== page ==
But, I am truly exhausted and the taxation of a week of traveling, shmoozing, canoodling and networking has left me a wreck. I can be such a puss sometimes. So, I will give you another teaser of my wit and charm, all the while possibly alienating my new bestest friend in the whole wide world. (Not to replace ANY of my current bestest friends in the whole wide world-because, like in college when I needed multiple drinking buddies to keep up with me, I now need multiple bestest friends, because I am so adorably needy.)
I get to my training. I, being a high-maintenance Diva, have special food needs. The ever-lovely Kay, purveyor of all that is edible, wants to touch base with me regarding MY special needs (irony NOT lost-turns out, this is the first of many lessons of the week about how
Kay comes up to me, as I am adjusting my name tag. This name tag is my key to the week: it hangs around my neck, complete with elastic cord. My name is on it, with my first name large so that it is as easy as staring at my tits to figure out who I am. Which is awkward enough in a field dominated by large older women, but that's another post for another, drunker, time. There it is:
Also on my name tag is my city of origin. On the back, I can slip in my room key. Also, there is a slot to insert my special food needs, complete with color-coding-orange for NO DAIRY-NO GLUTEN. It's all very pre-school, which I appreciate. It would be even cooler if we could add scratch 'n sniff stickers. I would choose skunk. And vanilla. Damn, I already turned in my evaluation. Maybe I should email that.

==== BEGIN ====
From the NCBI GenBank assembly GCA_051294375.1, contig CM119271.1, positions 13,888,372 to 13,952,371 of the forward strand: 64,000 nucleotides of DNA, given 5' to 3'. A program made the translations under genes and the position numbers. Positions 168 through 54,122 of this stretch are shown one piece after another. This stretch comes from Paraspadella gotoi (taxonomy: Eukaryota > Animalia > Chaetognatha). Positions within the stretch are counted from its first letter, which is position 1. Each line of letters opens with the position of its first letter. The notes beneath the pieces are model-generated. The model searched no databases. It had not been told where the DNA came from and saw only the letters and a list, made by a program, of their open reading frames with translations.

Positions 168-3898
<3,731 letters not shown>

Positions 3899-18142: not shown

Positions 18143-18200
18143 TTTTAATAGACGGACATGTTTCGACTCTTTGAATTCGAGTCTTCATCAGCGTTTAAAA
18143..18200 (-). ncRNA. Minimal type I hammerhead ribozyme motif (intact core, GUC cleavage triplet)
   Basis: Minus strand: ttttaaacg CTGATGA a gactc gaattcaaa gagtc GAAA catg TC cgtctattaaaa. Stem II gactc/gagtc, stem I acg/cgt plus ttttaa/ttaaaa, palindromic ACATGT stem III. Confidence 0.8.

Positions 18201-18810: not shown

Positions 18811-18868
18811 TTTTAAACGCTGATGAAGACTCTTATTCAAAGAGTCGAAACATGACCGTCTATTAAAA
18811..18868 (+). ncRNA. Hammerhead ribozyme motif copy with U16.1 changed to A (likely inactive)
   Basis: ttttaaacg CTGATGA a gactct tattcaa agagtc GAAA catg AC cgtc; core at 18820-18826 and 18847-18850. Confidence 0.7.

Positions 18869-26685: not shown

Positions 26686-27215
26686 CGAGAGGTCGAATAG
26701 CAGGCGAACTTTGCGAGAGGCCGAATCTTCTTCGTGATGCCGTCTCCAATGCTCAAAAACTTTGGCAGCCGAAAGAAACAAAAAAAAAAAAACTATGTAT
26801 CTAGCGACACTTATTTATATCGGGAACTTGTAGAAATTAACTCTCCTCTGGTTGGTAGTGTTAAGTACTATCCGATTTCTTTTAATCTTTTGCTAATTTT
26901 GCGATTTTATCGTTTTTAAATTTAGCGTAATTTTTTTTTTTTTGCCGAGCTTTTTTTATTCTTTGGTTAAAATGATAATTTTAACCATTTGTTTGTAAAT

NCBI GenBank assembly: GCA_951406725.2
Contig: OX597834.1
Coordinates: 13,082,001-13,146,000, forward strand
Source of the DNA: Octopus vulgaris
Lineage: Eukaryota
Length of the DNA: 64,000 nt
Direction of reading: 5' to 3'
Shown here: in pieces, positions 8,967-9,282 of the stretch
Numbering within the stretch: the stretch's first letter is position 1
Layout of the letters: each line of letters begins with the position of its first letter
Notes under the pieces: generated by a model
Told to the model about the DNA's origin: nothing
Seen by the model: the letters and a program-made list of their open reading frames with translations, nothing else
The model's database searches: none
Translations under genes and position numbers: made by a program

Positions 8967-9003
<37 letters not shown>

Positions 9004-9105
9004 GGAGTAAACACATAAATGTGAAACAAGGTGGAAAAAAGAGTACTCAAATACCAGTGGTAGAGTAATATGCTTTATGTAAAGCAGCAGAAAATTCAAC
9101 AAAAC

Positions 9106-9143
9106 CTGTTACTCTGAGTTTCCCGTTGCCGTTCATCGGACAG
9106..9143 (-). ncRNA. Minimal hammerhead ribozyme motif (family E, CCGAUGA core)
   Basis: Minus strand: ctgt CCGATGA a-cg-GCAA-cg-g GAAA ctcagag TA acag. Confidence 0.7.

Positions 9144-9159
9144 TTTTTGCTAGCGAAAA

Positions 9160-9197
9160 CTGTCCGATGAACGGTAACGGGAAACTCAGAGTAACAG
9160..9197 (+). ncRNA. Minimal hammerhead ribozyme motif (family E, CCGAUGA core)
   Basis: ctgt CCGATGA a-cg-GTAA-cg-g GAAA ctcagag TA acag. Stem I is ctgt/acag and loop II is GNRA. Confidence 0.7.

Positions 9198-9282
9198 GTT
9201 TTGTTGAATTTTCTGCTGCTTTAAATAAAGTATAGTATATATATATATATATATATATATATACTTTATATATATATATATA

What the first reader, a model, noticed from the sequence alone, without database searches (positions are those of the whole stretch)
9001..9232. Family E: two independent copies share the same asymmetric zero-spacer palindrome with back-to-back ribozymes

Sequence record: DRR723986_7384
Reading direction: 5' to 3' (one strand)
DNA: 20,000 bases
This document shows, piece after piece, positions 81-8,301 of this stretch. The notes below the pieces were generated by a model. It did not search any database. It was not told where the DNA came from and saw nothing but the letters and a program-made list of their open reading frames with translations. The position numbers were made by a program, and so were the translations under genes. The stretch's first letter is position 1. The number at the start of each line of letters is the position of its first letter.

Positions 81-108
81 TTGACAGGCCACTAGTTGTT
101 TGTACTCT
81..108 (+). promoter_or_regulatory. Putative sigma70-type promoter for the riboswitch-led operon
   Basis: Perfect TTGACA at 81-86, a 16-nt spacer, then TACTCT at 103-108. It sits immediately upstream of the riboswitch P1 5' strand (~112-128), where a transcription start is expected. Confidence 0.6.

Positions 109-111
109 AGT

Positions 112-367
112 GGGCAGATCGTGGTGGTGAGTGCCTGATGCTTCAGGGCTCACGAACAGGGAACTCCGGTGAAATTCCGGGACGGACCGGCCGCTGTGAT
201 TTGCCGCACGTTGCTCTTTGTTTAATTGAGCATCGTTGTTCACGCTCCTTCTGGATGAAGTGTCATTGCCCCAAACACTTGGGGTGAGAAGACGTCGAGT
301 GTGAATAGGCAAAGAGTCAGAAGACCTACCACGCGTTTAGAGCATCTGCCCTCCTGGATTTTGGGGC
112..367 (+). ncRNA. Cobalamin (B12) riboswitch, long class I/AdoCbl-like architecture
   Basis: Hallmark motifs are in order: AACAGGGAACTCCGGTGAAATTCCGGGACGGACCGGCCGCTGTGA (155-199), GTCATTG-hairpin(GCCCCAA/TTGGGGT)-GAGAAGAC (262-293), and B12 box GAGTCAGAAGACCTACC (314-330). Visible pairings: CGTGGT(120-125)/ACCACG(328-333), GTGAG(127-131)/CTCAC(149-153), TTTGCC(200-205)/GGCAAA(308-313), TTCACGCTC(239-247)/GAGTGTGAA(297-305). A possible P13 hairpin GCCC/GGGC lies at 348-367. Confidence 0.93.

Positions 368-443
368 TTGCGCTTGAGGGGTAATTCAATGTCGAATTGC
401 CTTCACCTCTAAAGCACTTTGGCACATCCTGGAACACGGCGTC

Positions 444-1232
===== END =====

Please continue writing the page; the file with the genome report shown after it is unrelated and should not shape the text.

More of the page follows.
Where was I? Oh yes. So Kay comes up and says, "Amy! Amy Webber!" I say, "YES!". "Wait, no. Aimee WALKER. Not Webber." I should have noticed she spelled it wrong when she said it the first time.
We had our conversation about my neediness, and for a fleeting moment, I wondered who this "Amy Webber" was. Do you do that? Concern yourself with other people with your name, wondering if they give you a bad rap? Me too.
There is one other Aimee Walker. She is a gymnast that is deaf. She has also been on TV shows. Then there is Amy Smart, Aimee Mann, Amy Adams (LOVE her!), Amy Grant. All upstanding Amy's. Amy Winehouse? Well, while drug-addled, she was amazingly talented, so she gets a "pass". So, all in all, pretty good.
I was super-bummed with the whole "Joey Buttefucco-Amy Fisher" mess, ESPECIALLY when she had her car custom-painted with MY spelling-AIMEE. Don't think I didn't notice. I was pissed-I took it personally.
So when I got to the conference and saw there was another Amy, I was intrigued. I was thrilled she was in Child Development, which meant she was borderline-awesome already. But. But what if she loved Circletime, the bane of all true child-developmentalists? What if she liked worksheets? Or, :::gasp::: desks lined in a row in order to encourage quiet acquiescence in young children because, well, they had to learn it someday. :::shudder:::
I forgot about these thoughts as the day went by. Why? Because I have problems with memory, don't you people pay attention!?!?!?
Day 2 was unremarkable, as it only contains stories about one Amy-me. I will bother you with those stories later.